Lockdown closures: schools’ improved provision led to increased time engagement from students and parents
Mon 19 Jul 21
How schools, parents and children coped with the biggest challenge in the history of modern education is at the centre of a ground-breaking research project, funded by the UKRI Economic and Social Research Council, analysing the reactions of schools and families to the school closures in 2020 and 2021.
As schools break up for the summer holiday, amid rising COVID infection rates and fears of further lockdowns next winter, the study by researchers at the Institute for Social and Economic Research at the University of Essex highlights that efforts of schools and families combined to adapt to the challenges of education during school closures.
Most schools in the UK were closed to all but key workers and vulnerable children from March 2020 and again from January 2021, with each closure period lasting at least 8 weeks. School lessons were delivered online or offline to children in their homes and parents took a big role in supporting their children’s learning efforts. The research used data from families taking part in the COVID-19 Study of Understanding Society, the UK Household Longitudinal Study, to look at how parents and children engaged in home learning during the school closures, and analysed differences and similarities between the two periods of lockdown.
The study found that schools significantly improved their provision of online and offline lessons between the first and second period of school closures. In response to this, both primary and secondary school students increased their levels of engagement, and most parents helped more with schoolwork. These patterns were observed regardless of socio-economic background.
This study is the first comprehensive analysis comparing the two periods of school closures in the UK. It finds that schools improved their distance learning provision, with secondary schools offering three times more online lessons in the second closure period than in the first. It also finds that the number of online and offline lessons provided by schools did not significantly differ by school characteristics or the composition of the pupil intake. On top of this, online lessons seem to have reduced socio-economic inequalities in the time spent on schoolwork by primary school children and gender gaps in time spent on schoolwork by secondary school children.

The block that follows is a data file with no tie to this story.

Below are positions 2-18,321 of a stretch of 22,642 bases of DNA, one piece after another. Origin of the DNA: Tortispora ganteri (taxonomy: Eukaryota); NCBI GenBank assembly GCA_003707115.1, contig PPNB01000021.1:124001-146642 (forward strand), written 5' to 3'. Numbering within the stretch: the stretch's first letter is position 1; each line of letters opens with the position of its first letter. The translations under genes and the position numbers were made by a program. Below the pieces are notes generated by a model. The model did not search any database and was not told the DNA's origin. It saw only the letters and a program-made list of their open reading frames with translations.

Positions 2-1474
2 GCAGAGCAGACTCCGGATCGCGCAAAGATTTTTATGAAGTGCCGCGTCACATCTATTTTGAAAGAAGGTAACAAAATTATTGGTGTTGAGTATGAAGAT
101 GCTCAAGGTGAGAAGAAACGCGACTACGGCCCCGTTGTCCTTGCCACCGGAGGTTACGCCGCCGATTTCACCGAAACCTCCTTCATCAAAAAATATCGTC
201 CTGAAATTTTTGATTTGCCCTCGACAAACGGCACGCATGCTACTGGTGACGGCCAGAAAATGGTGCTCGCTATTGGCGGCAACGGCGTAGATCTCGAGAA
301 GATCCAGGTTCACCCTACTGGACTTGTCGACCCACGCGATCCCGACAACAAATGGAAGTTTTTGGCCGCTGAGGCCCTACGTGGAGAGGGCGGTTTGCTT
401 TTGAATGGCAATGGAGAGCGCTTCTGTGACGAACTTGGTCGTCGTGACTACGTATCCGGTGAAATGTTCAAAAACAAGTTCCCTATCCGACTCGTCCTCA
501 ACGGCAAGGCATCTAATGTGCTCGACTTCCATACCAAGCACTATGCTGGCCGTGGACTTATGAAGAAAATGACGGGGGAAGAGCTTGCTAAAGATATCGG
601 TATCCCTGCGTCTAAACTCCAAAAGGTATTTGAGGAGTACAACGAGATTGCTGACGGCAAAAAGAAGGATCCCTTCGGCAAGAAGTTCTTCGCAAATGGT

While there are no significant socio-economic differentials in school provision of distance learning or parental help at home, the study acknowledges that some students could have fared worse than others during the period of home-schooling, This is possibly due to a lack of equipment, space, or family circumstances, as well as repeated bubble closures which might have hit the progress of children in more deprived areas of the country hard However, these inequalities were outside of the control of school leaders and teachers and remain so.
The key findings
Dr Birgitta Rabe, Reader at the University of Essex, leading the research said: “From a policy perspective, there are some important lessons from this study. Socio-economic differences in learning outcomes due to school closures may have relatively little to do with differences in learning provision by schools or the time parents spent home schooling.
If there are learning gaps from this period they may be much more closely related to structural differences across families, which affect factors such as the learning set-up parents can offer their children at home, parents’ ability to help children effectively with their school work and local COVID-19 infection rates, to name a few.
The offer of online and offline lessons provided by schools resulted in more engagement from students and from parents of primary school children in particular, in some cases leading to a reduction of socio-economic differentials.
Any future school closures should ensure a high number of education resources is provided by schools to all families and be accompanied by measures that mitigate the disadvantages arising from a home environment that makes effective home schooling more difficult for some families.”